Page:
Underactive immune response may explain severe Covid in obese: Study
People who are obese may be more susceptible to severe COVID-19 because of a poorer inflammatory immune response, according to a study. The research, published in the American Journal of Respiratory and Critical Care Medicine, found that following SARS-CoV-2 infection, cells in the lining of the lungs, nasal cells, and immune cells in the blood show a blunted inflammatory response in obese patients, producing suboptimal levels of molecules needed to fight the infection. While some people have very mild -- or even no -- symptoms due to COVID-19, others have much more severe symptoms, including acute respiratory distress syndrome requiring ventilator support.
One of the major risk factors for severe COVID-19 is obesity, which is defined as a body mass index (BMI) of over 30, the researchers said.
While this link has been shown in numerous epidemiological studies, until now, it has not been clear why obesity should increase an individual's risk of severe COVID-19.
''During the pandemic, the majority of younger patients I saw on the COVID wards were obese,'' said Professor Menna Clatworthy, a clinician scientist at the University of Cambridge, UK.
''Given what we know about obesity, if you'd asked me why this was the case, I would have said that it was most likely due to excessive inflammation. What we found was the absolute opposite,” Clatworthy said.
The team analysed blood and lung samples taken from 13 obese patients with severe COVID-19 requiring mechanical ventilation and intensive care treatment, and 20 controls.
The researchers used a technique known as transcriptomics, which looks at RNA molecules produced by our genetic material, DNA, to study activity of cells in these key tissues.
Contrary to expectations, they found that the obese patients had underactive immune and inflammatory responses in their lungs.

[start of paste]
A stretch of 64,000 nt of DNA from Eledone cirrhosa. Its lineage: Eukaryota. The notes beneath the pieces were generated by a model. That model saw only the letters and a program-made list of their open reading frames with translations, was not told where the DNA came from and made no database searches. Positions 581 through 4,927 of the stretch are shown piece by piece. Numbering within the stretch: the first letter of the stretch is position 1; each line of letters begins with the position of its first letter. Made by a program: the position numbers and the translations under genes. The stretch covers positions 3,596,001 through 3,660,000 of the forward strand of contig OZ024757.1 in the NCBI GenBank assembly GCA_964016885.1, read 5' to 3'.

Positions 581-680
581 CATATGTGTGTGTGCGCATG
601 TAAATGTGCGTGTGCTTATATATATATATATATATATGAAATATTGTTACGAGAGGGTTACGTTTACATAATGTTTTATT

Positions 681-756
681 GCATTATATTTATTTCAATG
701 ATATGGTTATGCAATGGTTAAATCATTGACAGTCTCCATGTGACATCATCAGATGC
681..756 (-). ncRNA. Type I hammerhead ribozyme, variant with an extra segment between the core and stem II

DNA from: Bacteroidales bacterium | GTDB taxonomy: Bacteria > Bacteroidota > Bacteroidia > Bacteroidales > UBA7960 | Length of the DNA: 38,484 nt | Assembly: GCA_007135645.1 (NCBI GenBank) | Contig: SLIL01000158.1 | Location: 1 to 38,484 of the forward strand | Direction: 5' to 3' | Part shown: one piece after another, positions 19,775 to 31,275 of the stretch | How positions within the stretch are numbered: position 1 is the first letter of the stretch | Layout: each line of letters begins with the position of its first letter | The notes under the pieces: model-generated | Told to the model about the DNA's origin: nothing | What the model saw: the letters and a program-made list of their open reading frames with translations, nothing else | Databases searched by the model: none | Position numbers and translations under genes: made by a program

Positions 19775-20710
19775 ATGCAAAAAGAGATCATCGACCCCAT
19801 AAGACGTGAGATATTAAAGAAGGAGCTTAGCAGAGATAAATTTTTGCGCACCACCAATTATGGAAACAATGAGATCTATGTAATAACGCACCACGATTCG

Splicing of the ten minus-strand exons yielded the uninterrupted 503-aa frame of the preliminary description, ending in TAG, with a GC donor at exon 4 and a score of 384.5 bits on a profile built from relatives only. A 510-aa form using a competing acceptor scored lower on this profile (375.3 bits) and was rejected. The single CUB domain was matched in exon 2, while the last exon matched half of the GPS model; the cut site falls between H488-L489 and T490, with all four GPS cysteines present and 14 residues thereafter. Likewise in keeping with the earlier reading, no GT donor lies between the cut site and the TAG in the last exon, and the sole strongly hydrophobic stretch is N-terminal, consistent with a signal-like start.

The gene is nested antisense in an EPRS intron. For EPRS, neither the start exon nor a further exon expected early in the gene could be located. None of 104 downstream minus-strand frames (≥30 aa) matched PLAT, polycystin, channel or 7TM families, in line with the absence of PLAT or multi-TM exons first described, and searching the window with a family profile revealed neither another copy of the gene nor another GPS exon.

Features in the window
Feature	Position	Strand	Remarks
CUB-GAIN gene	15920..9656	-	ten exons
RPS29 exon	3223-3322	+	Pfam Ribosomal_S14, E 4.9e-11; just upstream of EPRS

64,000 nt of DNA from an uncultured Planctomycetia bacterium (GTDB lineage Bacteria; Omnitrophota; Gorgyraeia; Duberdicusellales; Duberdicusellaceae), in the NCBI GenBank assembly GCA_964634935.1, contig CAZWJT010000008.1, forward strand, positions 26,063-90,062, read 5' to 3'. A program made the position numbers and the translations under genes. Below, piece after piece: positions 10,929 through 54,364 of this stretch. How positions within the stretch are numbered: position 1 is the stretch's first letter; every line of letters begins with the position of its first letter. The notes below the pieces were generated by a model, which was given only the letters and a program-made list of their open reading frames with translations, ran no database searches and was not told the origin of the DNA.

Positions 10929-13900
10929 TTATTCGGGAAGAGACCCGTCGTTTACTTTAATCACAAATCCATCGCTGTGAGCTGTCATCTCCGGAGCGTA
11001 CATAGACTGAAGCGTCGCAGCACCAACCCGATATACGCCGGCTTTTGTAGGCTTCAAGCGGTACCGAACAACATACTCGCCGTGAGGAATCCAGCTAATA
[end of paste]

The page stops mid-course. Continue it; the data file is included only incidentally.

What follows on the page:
In particular, when compared to non-obese patients, cells in the lining of their lungs and some of their immune cells had lower levels of activity among genes responsible for the production of two molecules known as interferons (INF) – interferon-alpha and interferon-gamma – which help control the response of the immune system.
The researchers also found lower levels of tumour necrosis factor (TNF), which causes inflammation.
When they looked at immune cells in the blood of 42 adults from an independent group, they found a similar, but less marked, reduction in the activity of interferon-producing genes as well as lower levels of IFN-alpha in the blood.
''This was really surprising and unexpected. Across every cell type we looked at, we found that that the genes responsible for the classical antiviral response were less active. They were completely muted,'' Clatworthy said.
The team was able to replicate its findings in nasal immune cells taken from obese children with COVID-19, where they again found lower levels of activity among the genes that produce IFN-alpha and IFN-gamma.
This is important because the nose is one of the entry points for the virus – a robust immune response there could prevent the infection spreading further into the body, while a poorer response would be less effective, the researchers said.
The findings could have important implications both for the treatment of COVID-19 and in the design of clinical trials to test new treatments, they added.
(This story has not been edited by Devdiscourse staff and is auto-generated from a syndicated feed.)
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